Had my first local initiation on yellow bus A, struggling to keep my balance on the first step of the swerving bus as the conductor casually swung his body in and out of the half ajar door. Slowly made my way in, squished between flushed and sombrero-donning children, newspaper-reading grandpas and senoritas with their multiple bags of groceries. All this while the live broadcast of the Brazil v. North Korea match was playing in the background, but of course, I couldn’t understand scant except for when the commentator screamed GOAALLLL! No one cheered though. People here don’t seem to like Brazil much. And then at some point, the conductor jumped down the bus, ran to a counter to get his ticket stamped and then jumped up the bus again as it turned the street corner. Bus conductors here probably have to pass some form of IPPT before they qualify.

This is where we get off the bus.

The school is about another 100m away, past two mama shops, several giant holes in the ground which are supposedly for plumbing, and a basketball court. The good people who built the Flora Tristan school also built a basketball court/play area for the kids nearby, and we spend an hour each day after class playing with them. The school compound and classrooms are beautifully decorated with paintings done by past volunteers (WB is itching to paint as well) and they’ve recently also installed a toilet. But there are several problems with the flushing so apparently it gets pretty nasty towards the end of the day.

"Head, and shoulders, knees and toes! Knees and toes!"

The kids who come to the school range from ages 2-25. This is after-school enrichment for them, but they come with a lot of enthusiasm and energy. Was slightly overwhelmed when they started speaking very quickly in Spanish and all I could say was, “No entiendo, habla espanol un poco!” Not that it really matters because it doesn’t stop them from being effusive. The kids are divided into 6 classrooms, generally according to language ability:

  1. The ‘Junior group’, where the students learn sounds, numbers and simple words;
  2. The ‘Basic group’, where focus is given to developing basic vocabulary and communication;
  3. The ‘Elementary group’, with emphasis on enabling students to converse confidently; and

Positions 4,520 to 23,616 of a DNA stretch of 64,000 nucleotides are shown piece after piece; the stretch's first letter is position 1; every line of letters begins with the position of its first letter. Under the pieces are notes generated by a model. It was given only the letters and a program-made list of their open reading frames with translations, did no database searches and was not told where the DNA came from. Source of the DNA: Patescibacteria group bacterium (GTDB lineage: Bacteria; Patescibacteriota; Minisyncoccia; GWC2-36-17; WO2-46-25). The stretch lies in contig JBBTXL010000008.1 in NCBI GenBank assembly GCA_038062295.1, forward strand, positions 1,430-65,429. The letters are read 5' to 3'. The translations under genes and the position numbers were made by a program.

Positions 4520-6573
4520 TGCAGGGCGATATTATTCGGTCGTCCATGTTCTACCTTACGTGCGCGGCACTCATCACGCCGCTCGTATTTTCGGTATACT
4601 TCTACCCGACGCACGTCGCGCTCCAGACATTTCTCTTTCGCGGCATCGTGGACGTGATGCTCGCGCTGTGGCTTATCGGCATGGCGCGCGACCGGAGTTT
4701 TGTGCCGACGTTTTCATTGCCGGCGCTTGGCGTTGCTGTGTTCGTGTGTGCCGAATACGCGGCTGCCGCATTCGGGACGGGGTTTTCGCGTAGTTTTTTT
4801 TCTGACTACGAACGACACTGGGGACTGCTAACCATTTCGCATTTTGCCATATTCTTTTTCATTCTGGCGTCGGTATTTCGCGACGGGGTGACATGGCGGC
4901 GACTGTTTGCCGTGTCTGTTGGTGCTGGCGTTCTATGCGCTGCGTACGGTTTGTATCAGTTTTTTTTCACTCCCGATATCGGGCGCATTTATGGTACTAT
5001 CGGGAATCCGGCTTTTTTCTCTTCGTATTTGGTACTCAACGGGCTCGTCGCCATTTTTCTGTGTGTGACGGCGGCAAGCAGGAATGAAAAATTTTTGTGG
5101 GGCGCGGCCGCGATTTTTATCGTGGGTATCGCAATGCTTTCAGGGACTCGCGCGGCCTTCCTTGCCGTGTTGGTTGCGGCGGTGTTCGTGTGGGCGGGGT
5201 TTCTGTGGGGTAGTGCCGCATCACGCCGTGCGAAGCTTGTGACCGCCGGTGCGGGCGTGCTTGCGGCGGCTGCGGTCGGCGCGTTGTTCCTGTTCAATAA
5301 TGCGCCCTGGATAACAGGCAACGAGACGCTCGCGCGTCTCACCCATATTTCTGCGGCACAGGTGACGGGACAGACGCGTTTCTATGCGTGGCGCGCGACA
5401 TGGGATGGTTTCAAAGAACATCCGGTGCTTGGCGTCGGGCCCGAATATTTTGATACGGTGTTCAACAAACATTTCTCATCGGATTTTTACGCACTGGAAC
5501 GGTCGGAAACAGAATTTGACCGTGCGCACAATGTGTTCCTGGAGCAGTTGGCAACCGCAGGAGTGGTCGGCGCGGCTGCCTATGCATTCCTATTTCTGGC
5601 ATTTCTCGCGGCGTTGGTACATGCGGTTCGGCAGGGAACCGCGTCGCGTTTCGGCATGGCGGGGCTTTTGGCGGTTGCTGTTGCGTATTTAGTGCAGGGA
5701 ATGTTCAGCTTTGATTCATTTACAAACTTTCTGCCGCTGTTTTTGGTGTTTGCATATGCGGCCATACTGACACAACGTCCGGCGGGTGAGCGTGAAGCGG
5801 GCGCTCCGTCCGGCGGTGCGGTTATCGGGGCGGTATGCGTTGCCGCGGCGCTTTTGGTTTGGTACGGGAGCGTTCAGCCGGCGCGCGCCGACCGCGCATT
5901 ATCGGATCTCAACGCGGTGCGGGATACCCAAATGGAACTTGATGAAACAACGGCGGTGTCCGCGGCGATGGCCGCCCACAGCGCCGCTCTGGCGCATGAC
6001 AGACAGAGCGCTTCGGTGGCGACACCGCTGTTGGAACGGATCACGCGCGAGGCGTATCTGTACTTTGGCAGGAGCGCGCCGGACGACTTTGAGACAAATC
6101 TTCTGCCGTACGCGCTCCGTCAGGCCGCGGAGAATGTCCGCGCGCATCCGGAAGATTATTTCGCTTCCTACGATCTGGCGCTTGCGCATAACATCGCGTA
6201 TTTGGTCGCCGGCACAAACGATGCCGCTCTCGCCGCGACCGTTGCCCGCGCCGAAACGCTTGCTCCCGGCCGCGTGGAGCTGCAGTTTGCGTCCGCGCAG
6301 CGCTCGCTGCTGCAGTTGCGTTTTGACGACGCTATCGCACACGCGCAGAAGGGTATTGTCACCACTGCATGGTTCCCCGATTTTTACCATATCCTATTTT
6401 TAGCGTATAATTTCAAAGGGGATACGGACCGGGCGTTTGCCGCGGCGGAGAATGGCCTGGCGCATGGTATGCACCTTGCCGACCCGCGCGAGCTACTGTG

4. The ‘Intermediate group’, which focuses on higher-level communication and application.

I’m teaching the advanced basic class (bit of an oxymoron) with Sheri, a Canadian who’s had experience teaching English in Japan for two years. Emphasis is largely placed on practical application of the language for vocational purposes, so this week we’re focusing on food and the  typical conversation between a waiter and a customer in a restaurant. The kids are also designing a mock menu for their mock restaurant.
After class, students get an hour at the basketball court. You really get a sense of community from the kids by the way they take care of and look out for each other. Spent a gorgeous hour bouncing kids on my lap; teaching Julio how to play ‘scissors, paper, stone’ and trying in turn to learn this Spanish chant that he was trying to teach me (which strangely enough, none of the native Spanish speakers understood as well); teaching adorable little Valery how to take pictures; and being completely awed by the sunset over the basketball court.

Basketball with one hell of a view.

After playtime and a water parade, the kids walk back home on their own, hand-in-hand. Some are siblings, others just older kids bringing the younger ones back. So sweet.

Community.

On a separate note, am also teaching Teochew Biao how to speak English in a way that the English, American, Canadian and Australian volunteers can comprehend. He’s whining that no one can understand his accent. Oops.